It is very likely that you will have embryos remaining at the conclusion of your journey. Most intended parents will choose to freeze these embryos until they can decide what to do with them. In many cases, a time will come when you are certain that your family making process is complete, yet you will likely still have unused embryos to consider. While it is entirely possible that you could continue to pay the annual fee to retain these embryos, other families choose another route: embryo adoption.
Studies, like this one which was recently published by LawStreet Online, suggest that embryo adoption is a quickly rising trend. In the case of “Snowflake Adoption” as it is also called, a family chooses to donate their unused embryos. Later, another family who is struggling with fertility will adopt these embryos, thaw them, and attempt to implant them into another woman’s uterus through In-vitro Fertilization (IVF).
Just as with any adoption scenario, the original parents of the embryo would retain no rights to any child that results from adoption. Women and families turning to embryo donation may arrive at the choice to pursue adoption for a variety of reasons.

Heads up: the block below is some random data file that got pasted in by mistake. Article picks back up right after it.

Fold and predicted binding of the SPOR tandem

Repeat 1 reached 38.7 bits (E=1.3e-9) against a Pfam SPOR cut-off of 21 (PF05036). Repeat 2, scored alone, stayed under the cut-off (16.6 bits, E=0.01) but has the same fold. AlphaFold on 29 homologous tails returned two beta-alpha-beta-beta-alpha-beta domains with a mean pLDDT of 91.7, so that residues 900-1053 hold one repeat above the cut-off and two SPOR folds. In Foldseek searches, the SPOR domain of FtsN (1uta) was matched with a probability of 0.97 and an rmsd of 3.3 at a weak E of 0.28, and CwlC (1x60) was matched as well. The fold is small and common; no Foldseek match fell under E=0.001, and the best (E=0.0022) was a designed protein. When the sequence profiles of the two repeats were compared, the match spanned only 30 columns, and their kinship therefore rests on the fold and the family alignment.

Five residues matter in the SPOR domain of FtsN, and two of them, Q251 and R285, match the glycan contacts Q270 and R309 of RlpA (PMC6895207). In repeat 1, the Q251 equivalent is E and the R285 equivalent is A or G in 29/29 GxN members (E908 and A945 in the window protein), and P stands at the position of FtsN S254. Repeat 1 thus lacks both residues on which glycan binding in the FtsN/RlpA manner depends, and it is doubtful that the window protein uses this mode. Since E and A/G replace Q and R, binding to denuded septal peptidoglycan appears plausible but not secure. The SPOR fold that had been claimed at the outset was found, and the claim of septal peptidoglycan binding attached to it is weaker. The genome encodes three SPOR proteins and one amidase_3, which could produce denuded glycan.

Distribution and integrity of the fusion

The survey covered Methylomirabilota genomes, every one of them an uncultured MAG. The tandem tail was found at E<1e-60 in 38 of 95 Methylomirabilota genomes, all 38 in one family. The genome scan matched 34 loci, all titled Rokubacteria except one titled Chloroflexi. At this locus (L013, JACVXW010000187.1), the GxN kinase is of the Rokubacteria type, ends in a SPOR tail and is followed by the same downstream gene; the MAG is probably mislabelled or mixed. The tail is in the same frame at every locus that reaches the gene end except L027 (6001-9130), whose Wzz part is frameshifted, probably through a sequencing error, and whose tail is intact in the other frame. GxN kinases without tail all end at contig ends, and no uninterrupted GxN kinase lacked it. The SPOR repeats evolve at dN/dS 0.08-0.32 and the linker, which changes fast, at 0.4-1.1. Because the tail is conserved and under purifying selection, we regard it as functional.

It is important to note that, as with many other things in the world of assisted reproduction, there are no federal mandates surrounding this emerging science. At present it is left up to state governance to mandate how embryo donation occurs and what steps must be taken in order to both surrender an embryo for adoption and to adopt that same embryo.
Currently Growing Generations does not operate an embryo adoption program. If embryo donation or adoption is something that interests you as your journey comes to a close, feel free to express your thoughts openly with your case specialist. He or she will be able to help answer any potential questions you may have and to perhaps give you the right direction to begin exploring these options on your own.